From the 2019 report, I am pleased to see influencers relegated from Pillar 1 to Pillar 5 of the six key strategic pillars. Deals with Tesco etc suggest the business is taking a more conventional route to greater sales. This RNS is particularly interesting. Paying a 24-month 3-4% sales commission to get a foothold in another supermarket seems worthwhile.

Cash is greater than debt, which is helpful, but trade debtors at c20% of revenue are not small and cash collection will only extend with the likes of Tesco now on board. I also notice the business carries significant levels of stock.

The 2019 report indicates stock was £16m and cost of stock for the year was £29m – so stock seemingly sits in the warehouse for more than six months. Not very efficient (although lipstick presumably has a long shelf life), and no wonder most employees work in the warehouse:

3 people employed in sales does not sound great. I wonder if sales duties were performed historically by the two founders, and perhaps their ‘wheeler-dealer’ backgrounds could only take the business so far – which is why they agreed to the aforementioned 3-4% commission incentive in that RNS.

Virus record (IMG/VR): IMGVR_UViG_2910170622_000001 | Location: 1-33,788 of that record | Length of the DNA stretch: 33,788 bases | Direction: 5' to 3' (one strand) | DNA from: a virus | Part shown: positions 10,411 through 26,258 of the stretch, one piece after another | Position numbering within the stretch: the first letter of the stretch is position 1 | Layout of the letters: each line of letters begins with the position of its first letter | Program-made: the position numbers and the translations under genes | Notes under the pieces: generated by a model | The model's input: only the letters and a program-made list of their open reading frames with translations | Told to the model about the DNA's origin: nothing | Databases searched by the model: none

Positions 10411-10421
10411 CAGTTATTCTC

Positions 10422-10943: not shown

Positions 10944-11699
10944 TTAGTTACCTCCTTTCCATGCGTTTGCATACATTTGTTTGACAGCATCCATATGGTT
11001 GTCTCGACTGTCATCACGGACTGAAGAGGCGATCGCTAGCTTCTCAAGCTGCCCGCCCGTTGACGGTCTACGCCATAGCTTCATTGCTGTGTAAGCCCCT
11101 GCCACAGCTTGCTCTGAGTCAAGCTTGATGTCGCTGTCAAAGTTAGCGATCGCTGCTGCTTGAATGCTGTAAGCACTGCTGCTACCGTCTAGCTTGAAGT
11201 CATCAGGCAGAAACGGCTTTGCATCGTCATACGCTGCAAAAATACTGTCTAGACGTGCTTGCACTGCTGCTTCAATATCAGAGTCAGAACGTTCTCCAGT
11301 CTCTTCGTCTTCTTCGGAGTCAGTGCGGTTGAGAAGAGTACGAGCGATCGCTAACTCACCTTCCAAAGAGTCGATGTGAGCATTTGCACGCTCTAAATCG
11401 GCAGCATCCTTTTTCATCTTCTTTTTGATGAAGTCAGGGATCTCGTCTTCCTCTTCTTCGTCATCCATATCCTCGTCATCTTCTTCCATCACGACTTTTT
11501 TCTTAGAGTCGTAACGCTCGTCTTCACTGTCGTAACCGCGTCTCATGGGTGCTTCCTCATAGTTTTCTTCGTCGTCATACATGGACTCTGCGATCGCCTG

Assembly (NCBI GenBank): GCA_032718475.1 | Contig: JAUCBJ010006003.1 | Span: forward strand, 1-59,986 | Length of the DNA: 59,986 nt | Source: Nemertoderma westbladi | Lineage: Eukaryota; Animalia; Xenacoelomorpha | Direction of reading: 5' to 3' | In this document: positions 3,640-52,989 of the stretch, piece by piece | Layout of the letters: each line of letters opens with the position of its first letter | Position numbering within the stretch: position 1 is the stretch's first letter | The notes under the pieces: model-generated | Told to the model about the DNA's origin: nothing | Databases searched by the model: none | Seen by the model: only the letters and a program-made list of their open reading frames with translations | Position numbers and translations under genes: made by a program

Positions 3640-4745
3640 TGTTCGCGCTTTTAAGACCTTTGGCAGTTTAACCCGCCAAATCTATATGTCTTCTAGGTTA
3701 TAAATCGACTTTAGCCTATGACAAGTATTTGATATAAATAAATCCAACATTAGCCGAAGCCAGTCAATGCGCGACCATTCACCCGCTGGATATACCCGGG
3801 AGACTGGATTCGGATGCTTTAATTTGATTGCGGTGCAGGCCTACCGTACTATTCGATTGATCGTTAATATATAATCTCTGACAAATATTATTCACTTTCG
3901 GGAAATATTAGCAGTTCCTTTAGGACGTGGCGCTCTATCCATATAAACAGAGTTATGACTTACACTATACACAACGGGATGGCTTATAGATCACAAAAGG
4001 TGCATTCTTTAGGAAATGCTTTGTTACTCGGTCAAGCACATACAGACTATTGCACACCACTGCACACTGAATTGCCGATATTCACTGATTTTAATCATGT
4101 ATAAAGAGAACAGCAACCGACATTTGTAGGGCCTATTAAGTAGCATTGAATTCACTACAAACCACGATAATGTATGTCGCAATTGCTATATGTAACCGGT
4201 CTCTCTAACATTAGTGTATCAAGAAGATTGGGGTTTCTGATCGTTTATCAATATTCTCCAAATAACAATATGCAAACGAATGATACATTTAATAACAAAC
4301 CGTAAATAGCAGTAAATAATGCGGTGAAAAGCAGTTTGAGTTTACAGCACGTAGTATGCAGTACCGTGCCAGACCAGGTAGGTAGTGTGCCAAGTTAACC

The business reported an adjusted operating profit of £8m for 2018, so the £71m market cap at 93p would not seem outlandish if a recovery back to that heyday can occur. The latest financials are of course blighted by the pandemic and the acquisitions do not help matters, so a fair amount of leeway is required with the accounting assessment.

Mind you, I think a bit of scuttlebutt on W7L make-up could prove advantageous here. Certainly the typical private investor is not a W7L customer, and greater insight here could put us one step ahead of the crowd. Is W7L becoming popular? The prospect of W7L becoming a major brand is a tantalising thought for investors.


1 Like

I think I overlooked the amount of stock. Interesting thought though is should we be moving into a roaring 20’s post pandemic, perhaps we might see roaring inflation to go with it. Supply chains for many goods have been hit during the last year. I had a hard time getting hold of basic materials like plasterboard, cement etc, although this is hardly comparable to cosmetics which presumably have been in relatively low demand. As Lord Wolfson stated early on in the pandemic, you don’t buy new clothes and cosmetics for a Zoom call.
On the positive side, the cost of the next 12 months sales may come mainly from stock and hence profits could be enhanced because of this.
This is by no means a sure thing of course, but I’m willing to give it some time for the Tesco activity to bed in and hopefully for the main retail market to reopen in the UK and the US – I expect the EU’s problematic vaccine program will mean up to a year delay for Europe to kick in.